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ProSource: April 2014

Yoga for Neck and Shoulder Pain

By Megan Senger

Chronic tension in the neck and shoulders. Rock-hard muscles in the upper back. Tightness in the jaw with frequent headaches. No doubt you have had clients with one or more of these common complaints (collectively referred to in this article as “neck and shoulder pain.”)

Your clients may find temporary relief from these symptoms through prescription pills or a good massage. Yet for many, a few simple yoga techniques—applied mindfully and with caution—can help alleviate many of the root causes of common neck and shoulder pain.

As an ACE-certified Fitness Professional, you have a unique opportunity to introduce clients to these healing postures at the end of a personal training or group fitness class. Read on to discover ways to use this popular mind-body technique to help rid your clients’ neck pain and, in some cases, dramatically improve their quality of life.

When to Refer

If your client has any of the following “red flag” symptoms, refer him or her to a medical professional to obtain clearance prior to exercise, advises physical therapist Ginger Garner:

  • Numbness, tingling, altered sensations (e.g., feelings of hot or cold), or loss of motor control or sensation in the upper extremities
  • Pain that prevents your client from lifting one or both arms away from his or her sides or overhead
  • Pain in the neck or shoulder that awakens your client at night
  • Dizziness, blurred vision, persistent headaches, or changes in weight or appetite
  • Pain that interferes with completion of activities of daily living

Yoga therapist Carol Krucoff adds the following to the list above: any condition that predisposes your client to neck injury (e.g., previous neck surgery, history of cancer, inflammatory arthritis, or bone loss due to osteoporosis or corticosteroid treatment), swollen glands or a lump in the neck, or difficulty swallowing or breathing.


Common Causes of Neck And Shoulder Tension

Poor posture and stress are the factors that contribute most to the high prevalence of neck and shoulder discomfort in our society. So says Carol Krucoff, a yoga therapist at Duke Integrative Medicine in Durham, N.C., and author of Healing Yoga for Neck and Shoulder Pain (New Harbinger, 2010) and Yoga Sparks: 108 Easy Practices for Stress Relief in a Minute or Less (New Harbinger, 2013).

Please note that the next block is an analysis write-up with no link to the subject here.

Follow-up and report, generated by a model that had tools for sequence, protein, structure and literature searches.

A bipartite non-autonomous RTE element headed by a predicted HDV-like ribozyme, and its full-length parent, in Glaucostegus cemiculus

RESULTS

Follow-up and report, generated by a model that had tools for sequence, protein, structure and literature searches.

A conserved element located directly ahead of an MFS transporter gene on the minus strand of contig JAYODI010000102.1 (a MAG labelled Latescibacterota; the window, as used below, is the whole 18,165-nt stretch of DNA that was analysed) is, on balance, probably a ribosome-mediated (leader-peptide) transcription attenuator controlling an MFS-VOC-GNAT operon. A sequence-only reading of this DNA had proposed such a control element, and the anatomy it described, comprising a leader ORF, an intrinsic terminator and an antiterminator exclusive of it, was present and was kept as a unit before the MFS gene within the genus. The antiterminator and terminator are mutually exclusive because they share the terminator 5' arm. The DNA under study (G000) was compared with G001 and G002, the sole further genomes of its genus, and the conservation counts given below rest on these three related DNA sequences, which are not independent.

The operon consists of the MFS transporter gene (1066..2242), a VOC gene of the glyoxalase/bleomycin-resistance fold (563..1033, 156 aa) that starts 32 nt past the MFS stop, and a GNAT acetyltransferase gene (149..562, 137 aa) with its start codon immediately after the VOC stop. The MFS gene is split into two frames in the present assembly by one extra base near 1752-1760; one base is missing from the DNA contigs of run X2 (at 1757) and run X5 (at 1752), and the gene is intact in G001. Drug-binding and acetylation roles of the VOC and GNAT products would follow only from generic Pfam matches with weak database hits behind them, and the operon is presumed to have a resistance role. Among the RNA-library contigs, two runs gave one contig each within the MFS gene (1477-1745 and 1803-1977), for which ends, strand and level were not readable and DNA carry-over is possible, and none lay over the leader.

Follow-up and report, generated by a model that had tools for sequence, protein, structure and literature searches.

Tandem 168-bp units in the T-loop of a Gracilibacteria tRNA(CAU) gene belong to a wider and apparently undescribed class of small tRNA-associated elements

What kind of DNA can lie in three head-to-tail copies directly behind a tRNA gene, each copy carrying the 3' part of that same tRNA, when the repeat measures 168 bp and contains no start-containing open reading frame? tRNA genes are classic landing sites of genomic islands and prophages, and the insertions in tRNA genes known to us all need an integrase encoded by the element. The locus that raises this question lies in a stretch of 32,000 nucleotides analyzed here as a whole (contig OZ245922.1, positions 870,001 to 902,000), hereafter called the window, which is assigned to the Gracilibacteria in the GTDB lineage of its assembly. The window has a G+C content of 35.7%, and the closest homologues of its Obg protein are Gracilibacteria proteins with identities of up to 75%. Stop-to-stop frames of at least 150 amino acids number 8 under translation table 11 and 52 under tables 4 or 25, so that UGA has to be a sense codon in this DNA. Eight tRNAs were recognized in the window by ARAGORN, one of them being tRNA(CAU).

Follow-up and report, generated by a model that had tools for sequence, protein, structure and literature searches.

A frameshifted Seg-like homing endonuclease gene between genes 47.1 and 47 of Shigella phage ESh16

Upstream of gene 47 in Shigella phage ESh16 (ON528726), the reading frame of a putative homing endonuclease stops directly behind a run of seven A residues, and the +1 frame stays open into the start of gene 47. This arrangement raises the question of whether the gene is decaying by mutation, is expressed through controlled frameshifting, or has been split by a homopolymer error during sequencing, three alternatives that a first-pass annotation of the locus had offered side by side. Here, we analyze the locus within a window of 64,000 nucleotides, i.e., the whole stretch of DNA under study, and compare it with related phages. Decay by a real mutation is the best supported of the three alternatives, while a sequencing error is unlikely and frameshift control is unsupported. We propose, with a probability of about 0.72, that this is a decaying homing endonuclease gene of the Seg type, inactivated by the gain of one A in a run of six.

However, the causes of neck and shoulder problems are typically multifactorial, Krucoff adds. Here are a few reasons why most of us crave a good shoulder massage. 

Improper posture and muscle imbalances: “Many of the activities we do tend to round our bodies forward—computer work, driving, cooking,” says Krucoff. “As a result, many people have a forward-leaning [kyphotic] posture.” (To learn more about postural assessments, click here.)

Mental stress: Psychometric properties (such as perceived stress, concerns with job satisfaction or work/life balance, etc.) can alter biochemical and neuromuscular responses to stress and must be addressed for their contribution to neck or shoulder pain, says Ginger Garner, M.P.T., A.T.C., P.Y.T., a N.C.based physical therapist, athletic trainer, professional yoga therapist and founder of Professional Yoga Therapy Studies.

Improper breathing: Muscular overdevelopment in the upper torso may stifle proper diaphragmatic (deep belly) breathing patterns, says Michaelle Edwards, a yoga educator and massage therapist in Kauai, Hawaii, and the author of YogAlign: Pain-free Yoga from Your Inner Core (Hihi Manu Press, 2011). The result? Many people engage secondary breathing muscles in the neck and upper shoulders unintentionally and improperly, she explains.